Pasadena shopping guide
One of the only sizeable used bookstores left in Southern California, Book Alley is gem for those in search of anything hard to find or out of print. The clientele is a diverse mix older intellectuals, young creative-types, and longtime regulars who all share a practically palpable love for books. An idyllic place to procure a unique and budget conscious present, as the owner constantly buys books from private sellers and estates, there is also a rotating array of serious literary treasures. Inexpensive vinyl records, Bukowski T-shirts and vintage posters are also available on site. Be sure to check out the back room that is exploding with piles of books waiting to be catalogued and placed on the shop floor.
For the explorer in each of us, this travel-lovers store is remarkably well versed for all kinds of travel imaginable. From camping guides to Michelin guides, you can find resources to help support, clothe, or guide any kind of trip, ranging from the rustic to the luxurious. The health and hygiene section was particularly impressive and very much a germaphobe’s dream destination, as it featured products that were cleverly convenient, effective and environmentally friendly. The store also houses frequent travel themed lectures and an American Express Travel desk that can assist with a variety of reservations of bookings, plus a well-traveled staff that are great for giving travel tips.
Featuring a variety of the weird and wonderful from over 100 different designers, all of whom owner Stacey Coleman counts as friends or friends of friends, the bazaar doubles as a gallery. The treasure trove of otherworldly articles that seamlessly fuse past and present include a woolly mammoth shaped ring carved from actual mammoth fossils, a mounted Japanese hornet, and a handmade copper boiler robotic lamp.
Hodgson’s Antique is perfect for those who appreciate a bit of a hunt. Search the piled-high mishmash of vintage items from sheet music to dolls, cameras to cigarette cases, luggage to black and white copies of Life magazine, to just about everything under the sun. The real draw though, is the collection of costume jewelry that is worth a visit on its own. Other notable finds include a few beautiful working radios from the 1930s and 40s, pristine old issues of Playboy, and an array of impressively kept vintage toys. There is also an abundance of vintage clothing, particularly military themed. Towards the back of the store are a few new items that are idyllic for dress up parties like masks and wigs.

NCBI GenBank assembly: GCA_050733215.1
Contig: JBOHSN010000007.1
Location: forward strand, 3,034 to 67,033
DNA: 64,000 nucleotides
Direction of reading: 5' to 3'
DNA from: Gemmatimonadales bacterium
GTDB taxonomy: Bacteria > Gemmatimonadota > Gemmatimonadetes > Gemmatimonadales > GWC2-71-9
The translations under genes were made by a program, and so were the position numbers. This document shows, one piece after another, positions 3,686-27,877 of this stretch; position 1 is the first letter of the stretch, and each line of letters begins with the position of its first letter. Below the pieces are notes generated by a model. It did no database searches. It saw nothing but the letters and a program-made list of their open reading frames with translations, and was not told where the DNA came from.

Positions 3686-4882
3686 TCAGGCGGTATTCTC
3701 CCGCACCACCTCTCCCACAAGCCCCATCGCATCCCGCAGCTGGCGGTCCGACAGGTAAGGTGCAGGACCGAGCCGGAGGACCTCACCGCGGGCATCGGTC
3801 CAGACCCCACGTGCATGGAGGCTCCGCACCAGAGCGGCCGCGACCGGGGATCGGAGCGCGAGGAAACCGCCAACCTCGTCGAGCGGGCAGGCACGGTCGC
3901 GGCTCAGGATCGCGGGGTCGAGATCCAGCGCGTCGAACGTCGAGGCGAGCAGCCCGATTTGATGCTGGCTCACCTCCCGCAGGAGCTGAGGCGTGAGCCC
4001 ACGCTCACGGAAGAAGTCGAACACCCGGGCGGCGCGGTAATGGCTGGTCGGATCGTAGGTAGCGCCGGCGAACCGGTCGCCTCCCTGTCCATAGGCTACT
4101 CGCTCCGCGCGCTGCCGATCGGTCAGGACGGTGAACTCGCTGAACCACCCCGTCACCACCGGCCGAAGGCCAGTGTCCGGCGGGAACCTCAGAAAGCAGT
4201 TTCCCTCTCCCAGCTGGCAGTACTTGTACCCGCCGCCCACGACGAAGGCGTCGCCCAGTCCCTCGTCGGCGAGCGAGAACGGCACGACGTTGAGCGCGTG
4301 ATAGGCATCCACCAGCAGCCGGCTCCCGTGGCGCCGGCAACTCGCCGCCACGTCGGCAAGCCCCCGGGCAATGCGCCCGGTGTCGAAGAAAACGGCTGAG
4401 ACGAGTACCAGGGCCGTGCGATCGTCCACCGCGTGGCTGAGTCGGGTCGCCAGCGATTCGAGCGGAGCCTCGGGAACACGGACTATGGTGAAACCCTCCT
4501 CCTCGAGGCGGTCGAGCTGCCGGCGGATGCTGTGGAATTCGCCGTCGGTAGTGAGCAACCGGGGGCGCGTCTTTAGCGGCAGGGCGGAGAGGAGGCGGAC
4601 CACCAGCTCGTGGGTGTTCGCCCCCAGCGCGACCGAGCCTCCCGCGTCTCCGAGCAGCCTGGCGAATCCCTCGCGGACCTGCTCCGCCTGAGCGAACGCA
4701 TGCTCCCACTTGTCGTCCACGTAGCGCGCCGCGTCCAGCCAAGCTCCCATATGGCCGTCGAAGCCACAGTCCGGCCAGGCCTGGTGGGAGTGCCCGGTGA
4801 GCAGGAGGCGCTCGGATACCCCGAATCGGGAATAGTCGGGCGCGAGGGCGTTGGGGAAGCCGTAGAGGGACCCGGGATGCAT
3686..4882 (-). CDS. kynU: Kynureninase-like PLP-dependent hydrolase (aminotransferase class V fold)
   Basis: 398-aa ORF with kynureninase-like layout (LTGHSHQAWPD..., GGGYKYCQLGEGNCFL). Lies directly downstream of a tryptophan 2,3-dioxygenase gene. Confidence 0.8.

Receiving weekly shipments from England, this is a one-stop shop for those who require anything authentic and otherwise hard to find from across the Pond. The quirky cottage has a kitschy array of Queen Elizabeth memorabilia and antique bobbles arranged on every possible surface in the shop. From big budget items like an Aga stove to ceramics by English mainstay Emma Bridgewater to an internationally renowned Barbour coat, Edmund and Mary Fry have carved out a bit of jolly old England in this literal corner of Pasadena. Favorite relics from Londontown include the array of goods normally found at an English supermarket but rarely available in America such as elderflower cordial, Ribena juice, authentic chocolate dipped Digestives, Fruit Pastilles, packs of Twiglets and iconic PG Tips tea. Traditional English tea where men are highly encouraged to wear jackets is served daily in the adjoining tearoom.
Organized by designer, with names cleverly decaled on the floor below each rack for ease of browsing, this San Marino boutique is organized to the T. Brands on show include Zimmerman, Tibi, and Goldsign. The jewelry case features an array of contemporary designers and a rotating selection of vintage items, including astrology inspired gold and diamond pieces by Scosha and multiple vintage Rolex watches. Dyptique candles, Mason Pearson hairbrushes, and Clare V bags are among the well-chosen non-clothing items for purchase. The side room contains an array of hip and elegant children’s clothes and accessories (think: handmade wool animal heads made in India by Cupcakes and Cartwheels).
A shining light in a world increasingly devoid of books, Vroman’s is a behemoth of a bookstore whose history lives up to something you would expect to more likely find in one of its thousands of fictional tomes. Founded in 1894 by book lover, philanthropist and renowned photographer Adam Vroman, Vroman’s has been championing the written word for over a century during which it has played host to multiple Presidents, a Supreme Court Justice, and heaps of literary superstars. The community minded ethos that led founder Adam Vroman to leave his shop to his employees upon his death is the same unchanged spirit that compelled Vroman’s to donate and deliver books to local interned Japanese Americans at nearby camps during WWII despite being fired upon, and over 50 years later, rescue Book Soup in West Hollywood from closing when its owner passed. The store hosts over 400 free community events and singing annually, so run, don’t walk to this mecca for all things literary. In addition to books, there is sizeable stationery department, large newsstand and solid café.